Are mobile app downloads putting businesses at risk?

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Mobile Apps Risk

It is time for smartphone and tablet users to exercise more caution when building their app portfolio. Simultaneously, businesses need to aggressively police their mobile apps to protect both their consumers and brands in a generation of increased vulnerability to cybercrime

There is no lack of data supporting the continuing rise in mobile apps and the app stores that house them. The five leading app stores alone have over 6.5 million apps. Worryingly, this proliferation of inventory across app stores has been accompanied by an increase in blacklisted apps, which have doubled between 2015 and 2016. The vastness of this ecosystem provides the perfect hiding place for malicious actors. Why is this?

Most people are familiar with the leading app stores such as Apple and Google, but would be surprised to know that there are hundreds of stores out there. Some stores redirect users back to one of the primary stores for download while others hold their own inventory. Some do both.

>See also: Severe: the security risk to UK mobile app users

Mobile app inventory is also dynamic, with apps moving from the primary stores to secondary and affiliate stores, more often than not without the knowledge of the app owner. This fluidity is a challenge for companies trying to restrict their apps to the primary stores and monitor for fraudulent apps leveraging their brand. This creates a fertile environment for cyber criminals to conduct their business, and is compounded by consumers’ poor security awareness as revealed in a recent survey we commissioned.

The survey revealed that almost half (45%) of respondents do not scrutinise the app’s details while 60% never or only occasionally review the privacy policy and permissions requested by the app before downloading. Such a fast and carefree approach to mobile app downloads is leaving UK consumers and businesses vulnerable to cyber criminals seeking to infect mobile devices and steal information from unsuspecting victims.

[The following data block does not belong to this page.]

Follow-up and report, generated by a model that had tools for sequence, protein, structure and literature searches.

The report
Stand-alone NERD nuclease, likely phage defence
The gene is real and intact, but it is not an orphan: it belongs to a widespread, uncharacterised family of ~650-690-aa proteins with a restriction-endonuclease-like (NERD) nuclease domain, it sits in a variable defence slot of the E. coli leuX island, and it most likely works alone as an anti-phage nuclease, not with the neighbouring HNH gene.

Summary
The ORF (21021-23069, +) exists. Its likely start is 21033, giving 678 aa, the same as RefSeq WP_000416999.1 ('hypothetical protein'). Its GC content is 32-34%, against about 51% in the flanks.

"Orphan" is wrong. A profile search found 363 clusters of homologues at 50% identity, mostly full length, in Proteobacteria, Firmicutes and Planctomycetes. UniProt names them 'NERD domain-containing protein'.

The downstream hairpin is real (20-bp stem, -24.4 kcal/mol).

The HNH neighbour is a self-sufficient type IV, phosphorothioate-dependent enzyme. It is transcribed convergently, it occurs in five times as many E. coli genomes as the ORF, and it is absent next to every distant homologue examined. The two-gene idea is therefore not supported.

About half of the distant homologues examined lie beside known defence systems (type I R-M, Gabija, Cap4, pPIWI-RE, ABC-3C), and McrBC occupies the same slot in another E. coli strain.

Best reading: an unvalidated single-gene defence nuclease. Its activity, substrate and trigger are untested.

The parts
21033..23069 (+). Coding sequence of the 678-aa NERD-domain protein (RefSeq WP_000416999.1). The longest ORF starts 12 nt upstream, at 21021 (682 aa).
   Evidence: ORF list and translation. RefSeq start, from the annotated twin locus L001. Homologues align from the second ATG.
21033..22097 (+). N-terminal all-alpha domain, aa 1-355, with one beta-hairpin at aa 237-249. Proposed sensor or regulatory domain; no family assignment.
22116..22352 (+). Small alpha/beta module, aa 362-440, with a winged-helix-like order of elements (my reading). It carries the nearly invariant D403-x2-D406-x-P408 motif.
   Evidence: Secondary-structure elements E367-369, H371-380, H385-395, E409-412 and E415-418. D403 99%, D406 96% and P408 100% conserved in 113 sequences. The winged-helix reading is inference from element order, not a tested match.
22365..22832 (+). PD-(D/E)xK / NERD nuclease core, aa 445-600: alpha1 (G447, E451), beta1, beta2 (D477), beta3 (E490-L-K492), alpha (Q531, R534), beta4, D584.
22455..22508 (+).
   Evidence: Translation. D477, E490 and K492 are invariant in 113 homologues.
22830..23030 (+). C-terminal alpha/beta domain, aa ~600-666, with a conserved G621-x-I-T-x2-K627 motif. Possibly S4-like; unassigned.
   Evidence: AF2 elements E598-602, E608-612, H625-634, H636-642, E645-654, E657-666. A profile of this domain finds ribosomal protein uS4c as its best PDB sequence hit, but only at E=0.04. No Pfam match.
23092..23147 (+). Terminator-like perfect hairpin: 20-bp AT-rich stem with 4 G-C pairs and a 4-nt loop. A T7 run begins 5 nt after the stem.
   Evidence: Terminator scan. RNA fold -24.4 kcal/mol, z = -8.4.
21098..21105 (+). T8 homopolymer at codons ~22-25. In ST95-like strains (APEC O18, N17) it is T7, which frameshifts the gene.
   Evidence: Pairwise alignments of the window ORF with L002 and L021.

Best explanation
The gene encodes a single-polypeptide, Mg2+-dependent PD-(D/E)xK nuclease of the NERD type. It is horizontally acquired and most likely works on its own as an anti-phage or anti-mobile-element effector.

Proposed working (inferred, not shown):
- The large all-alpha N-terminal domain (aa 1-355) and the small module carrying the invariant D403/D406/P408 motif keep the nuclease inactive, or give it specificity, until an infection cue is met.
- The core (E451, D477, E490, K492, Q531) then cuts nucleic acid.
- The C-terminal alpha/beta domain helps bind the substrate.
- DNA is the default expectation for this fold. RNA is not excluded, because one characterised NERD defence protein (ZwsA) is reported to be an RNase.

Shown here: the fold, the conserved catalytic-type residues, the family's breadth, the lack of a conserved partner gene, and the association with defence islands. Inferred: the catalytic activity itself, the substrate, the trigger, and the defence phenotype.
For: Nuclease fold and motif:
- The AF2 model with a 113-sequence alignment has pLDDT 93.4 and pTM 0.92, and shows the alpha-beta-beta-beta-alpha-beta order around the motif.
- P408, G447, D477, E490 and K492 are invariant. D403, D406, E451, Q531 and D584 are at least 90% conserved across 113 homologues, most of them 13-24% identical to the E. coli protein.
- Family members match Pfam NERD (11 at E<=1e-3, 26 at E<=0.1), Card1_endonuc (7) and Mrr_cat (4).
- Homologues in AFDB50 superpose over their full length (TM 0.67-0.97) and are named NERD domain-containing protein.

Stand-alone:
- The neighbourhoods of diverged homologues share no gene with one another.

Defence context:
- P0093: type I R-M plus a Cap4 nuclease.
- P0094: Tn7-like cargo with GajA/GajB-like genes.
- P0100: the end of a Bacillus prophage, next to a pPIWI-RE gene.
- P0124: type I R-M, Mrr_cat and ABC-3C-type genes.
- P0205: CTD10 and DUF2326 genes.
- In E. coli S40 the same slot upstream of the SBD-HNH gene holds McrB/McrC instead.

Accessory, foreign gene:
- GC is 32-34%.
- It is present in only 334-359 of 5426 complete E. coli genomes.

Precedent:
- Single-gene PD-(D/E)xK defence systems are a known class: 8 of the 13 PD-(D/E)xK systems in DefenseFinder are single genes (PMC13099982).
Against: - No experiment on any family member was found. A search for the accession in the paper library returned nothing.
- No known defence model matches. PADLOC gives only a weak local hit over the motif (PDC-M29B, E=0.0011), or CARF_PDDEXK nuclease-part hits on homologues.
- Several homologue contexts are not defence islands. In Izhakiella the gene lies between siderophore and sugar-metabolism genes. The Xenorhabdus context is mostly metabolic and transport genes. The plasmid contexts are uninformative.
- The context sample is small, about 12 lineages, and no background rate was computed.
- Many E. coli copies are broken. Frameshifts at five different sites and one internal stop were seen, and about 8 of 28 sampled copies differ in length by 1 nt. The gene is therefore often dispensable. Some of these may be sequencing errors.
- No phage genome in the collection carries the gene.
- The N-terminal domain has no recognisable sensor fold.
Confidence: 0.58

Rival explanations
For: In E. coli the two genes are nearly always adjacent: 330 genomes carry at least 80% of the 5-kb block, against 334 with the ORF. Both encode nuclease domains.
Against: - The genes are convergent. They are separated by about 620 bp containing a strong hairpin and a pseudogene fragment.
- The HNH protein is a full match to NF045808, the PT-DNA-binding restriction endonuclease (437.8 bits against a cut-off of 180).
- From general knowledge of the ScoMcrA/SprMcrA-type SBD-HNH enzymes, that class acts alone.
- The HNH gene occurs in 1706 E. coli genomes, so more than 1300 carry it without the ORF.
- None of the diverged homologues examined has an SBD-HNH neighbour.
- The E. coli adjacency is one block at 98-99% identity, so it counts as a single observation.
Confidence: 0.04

Consumers are regularly displaying behaviours that put themselves at risk. Specifically, there is a lack of attention when downloading apps. More than half of respondents have clicked on an ad promoting an app and half of those never check to see that they have been directed to an official store.

>See also: The mobile threat landscape

It doesn’t come as a surprise that one in twelve admit to sometimes downloading apps only to find they are not from the company or brand they expected. Consumers’ propensity to click through without thoroughly inspecting app details such as its developer, last version update and any reviews, increases their risk of downloading counterfeit or malicious apps.

As the volume of personal information being requested and shared through mobile applications continues to grow, the need for better mobile security awareness has never been greater.

Despite this desperate need, consumers continue to use their online accounts at risk of being exploited. For example, over half (53%) were found to reuse passwords across their mobile apps.

On top of this, 12% of our survey respondents have jail broken or routed their phone. The most common reason for doing so is increased freedom in which stores can be accessed and what apps can be downloaded.

>See also: The number of enterprise mobile apps is not accelerating – Gartner

While modifying a phone can allow more choice for the user, it also bypasses many of the security mechanisms put in place by carriers and official app stores, requiring heightened security awareness and understanding on the part of the user to stay secure. While many major organisations are attempting to step up efforts to police their apps and brands across hundreds of different app stores, there is no replacement for consumer vigilance.

It is time for smartphone and tablet users to exercise more caution when building their app portfolio. Simultaneously, businesses need to aggressively police their mobile apps to protect both their consumers and brands in a generation of increased vulnerability to cybercrime.

Sourced by Colin Verrall, VP EMEA RiskIQ

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